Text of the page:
The role of paradoxical interspecific communication in the development of family-pack hierarchical instabilities (abstract)

© Dr. JoŽl Dehasse, behaviorist veterinarian, Brussels, Belgium
Proceedings of the First International Conference on Veterinary Behavioural Medicine, ESVCE & CABTSG, Birmingham, UK, April 1 & 2, 1997, pp. 52-57
This version loaded 20 April 1997 (modified 25 Dec. 2001) 
http://www.joeldehasse.com/

©Dr JoŽl Dehasse
3 avenue du Cosmonaute, 1150 Brussels, Belgium
 joel.dehasse@skynet.be


Full text


A hierarchical instability in a family-pack with the production of canine competitive, irritation and territorial aggression and the dog having access to dominance privileges has been called in France and French-speaking Belgium a "sociopathy". This is a pathology of the communications inside an interspecific system consisting of the family members and the dog (hence the name family-pack).

The paradoxical communication (double bind) is emitted by the owners. The paradox resides in the opposition of cognitive and affective communications, for example an order to be obeyed asked with an expression of fear (like the upper part of the body bending slightly backward). The two communications are expressed in the verbal conditioning queries and the affective involuntary paraverbal attitudes in the same person. The communication is losing sense. The dog is more sensitive to analogical communication and is not fooled by the verbal orders. The communication is not or badly ritualised and causes anxiety.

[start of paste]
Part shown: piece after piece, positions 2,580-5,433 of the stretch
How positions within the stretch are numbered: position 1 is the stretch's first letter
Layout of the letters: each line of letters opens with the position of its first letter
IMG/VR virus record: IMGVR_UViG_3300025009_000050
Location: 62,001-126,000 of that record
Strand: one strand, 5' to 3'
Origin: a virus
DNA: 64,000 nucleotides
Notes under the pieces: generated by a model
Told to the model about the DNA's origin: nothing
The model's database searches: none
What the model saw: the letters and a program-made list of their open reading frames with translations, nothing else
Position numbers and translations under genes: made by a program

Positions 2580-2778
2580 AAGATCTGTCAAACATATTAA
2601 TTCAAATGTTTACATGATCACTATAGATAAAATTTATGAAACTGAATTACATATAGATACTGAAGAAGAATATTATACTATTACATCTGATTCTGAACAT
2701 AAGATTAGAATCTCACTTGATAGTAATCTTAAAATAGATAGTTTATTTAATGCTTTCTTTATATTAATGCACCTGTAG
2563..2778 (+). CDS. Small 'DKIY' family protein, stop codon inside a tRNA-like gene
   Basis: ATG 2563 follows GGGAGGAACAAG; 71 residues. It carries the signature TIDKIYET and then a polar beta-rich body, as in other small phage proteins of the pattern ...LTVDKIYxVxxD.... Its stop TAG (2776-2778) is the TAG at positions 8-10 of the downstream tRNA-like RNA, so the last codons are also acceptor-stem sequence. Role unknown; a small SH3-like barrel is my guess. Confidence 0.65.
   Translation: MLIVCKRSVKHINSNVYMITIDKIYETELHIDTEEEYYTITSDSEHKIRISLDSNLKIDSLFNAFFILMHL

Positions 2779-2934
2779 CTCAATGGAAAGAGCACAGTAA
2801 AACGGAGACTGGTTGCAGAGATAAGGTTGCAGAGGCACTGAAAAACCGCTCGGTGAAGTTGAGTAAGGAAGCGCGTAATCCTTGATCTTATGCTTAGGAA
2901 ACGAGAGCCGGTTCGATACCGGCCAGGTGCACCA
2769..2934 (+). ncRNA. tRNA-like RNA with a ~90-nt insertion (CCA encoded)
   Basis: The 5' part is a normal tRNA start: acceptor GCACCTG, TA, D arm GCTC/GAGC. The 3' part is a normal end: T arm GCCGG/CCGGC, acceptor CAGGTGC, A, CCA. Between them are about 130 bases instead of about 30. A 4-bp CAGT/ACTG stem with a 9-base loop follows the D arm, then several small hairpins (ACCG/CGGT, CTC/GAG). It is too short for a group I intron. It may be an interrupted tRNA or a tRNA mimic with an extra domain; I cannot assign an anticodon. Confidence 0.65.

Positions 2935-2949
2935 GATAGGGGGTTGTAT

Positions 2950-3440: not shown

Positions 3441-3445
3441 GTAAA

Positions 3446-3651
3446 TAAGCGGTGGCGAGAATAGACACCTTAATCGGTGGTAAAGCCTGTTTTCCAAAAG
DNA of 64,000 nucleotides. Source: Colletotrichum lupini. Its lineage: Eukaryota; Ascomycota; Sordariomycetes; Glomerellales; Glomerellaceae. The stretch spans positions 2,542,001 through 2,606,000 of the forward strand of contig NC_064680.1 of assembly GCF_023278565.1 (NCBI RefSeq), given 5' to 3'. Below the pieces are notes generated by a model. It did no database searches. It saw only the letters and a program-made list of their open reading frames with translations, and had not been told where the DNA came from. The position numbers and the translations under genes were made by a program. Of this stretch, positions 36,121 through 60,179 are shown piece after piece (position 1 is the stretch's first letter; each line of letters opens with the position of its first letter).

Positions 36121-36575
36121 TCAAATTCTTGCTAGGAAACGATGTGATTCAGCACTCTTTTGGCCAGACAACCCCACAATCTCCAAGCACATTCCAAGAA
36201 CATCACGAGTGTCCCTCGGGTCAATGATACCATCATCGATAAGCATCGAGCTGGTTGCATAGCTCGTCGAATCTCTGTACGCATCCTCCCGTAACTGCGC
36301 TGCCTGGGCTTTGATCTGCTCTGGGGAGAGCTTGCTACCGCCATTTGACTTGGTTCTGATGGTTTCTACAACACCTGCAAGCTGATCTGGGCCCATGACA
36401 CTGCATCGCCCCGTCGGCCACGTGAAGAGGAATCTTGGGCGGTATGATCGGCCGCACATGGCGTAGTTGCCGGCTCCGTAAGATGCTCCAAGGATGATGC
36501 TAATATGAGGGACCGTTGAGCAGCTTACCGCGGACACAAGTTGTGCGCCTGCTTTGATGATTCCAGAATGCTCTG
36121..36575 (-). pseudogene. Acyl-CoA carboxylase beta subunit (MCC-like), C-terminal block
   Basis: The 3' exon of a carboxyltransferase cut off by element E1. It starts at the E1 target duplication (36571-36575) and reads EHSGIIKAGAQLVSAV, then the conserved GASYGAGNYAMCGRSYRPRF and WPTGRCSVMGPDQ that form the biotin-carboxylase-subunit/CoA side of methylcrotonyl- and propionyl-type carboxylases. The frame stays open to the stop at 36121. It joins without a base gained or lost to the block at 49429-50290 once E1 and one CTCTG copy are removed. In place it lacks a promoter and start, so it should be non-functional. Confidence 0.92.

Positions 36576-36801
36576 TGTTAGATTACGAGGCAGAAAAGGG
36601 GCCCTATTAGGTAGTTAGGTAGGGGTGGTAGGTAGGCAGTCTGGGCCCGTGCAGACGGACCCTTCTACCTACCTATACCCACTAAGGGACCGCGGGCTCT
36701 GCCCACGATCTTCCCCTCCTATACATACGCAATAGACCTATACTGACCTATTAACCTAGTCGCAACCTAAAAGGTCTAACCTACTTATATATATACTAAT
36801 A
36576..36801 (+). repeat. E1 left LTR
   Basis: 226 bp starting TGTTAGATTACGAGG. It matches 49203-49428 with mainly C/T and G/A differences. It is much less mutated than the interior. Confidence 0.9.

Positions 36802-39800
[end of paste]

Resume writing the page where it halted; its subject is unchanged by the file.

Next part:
The double-bind may also be triggered by a false belief or a misunderstanding of the communication proposal by the dog: a lying-down-on-the-back posture to ask for caresses is misunderstood for submission when the dog is expressing a dominant behaviour; if still caressed after a misunderstood demand to stop the contact (tense posture) the dog may express irritation aggression that is once again misunderstood as unpredictable voluntary hostile behaviour.

The double bind may be emitted by the same person or by two separate owners (split up double bind). The double bind is causing intermittent anxiety. The tolerance for the dog having dominant privileges may lead to partial unstable dominance. The continual challenge of the dog's dominant privileges may lead to aggression. The rewarding effects of aggression may lead to hyperaggression.

The treatment is global (systemic): clarification and ritualisation of the communications - suppression of the access to dominant privileges - use of drugs able to alleviate anxiety, reduce aggression and facilitate learning: mood regulatory drugs like selegiline or carbamazepine, anti-anxiety drugs like clomipramine, anti-aggressive drugs like risperidone.

 


Dr Joël Dehasse
Behaviorist veterinarian

2004-01-19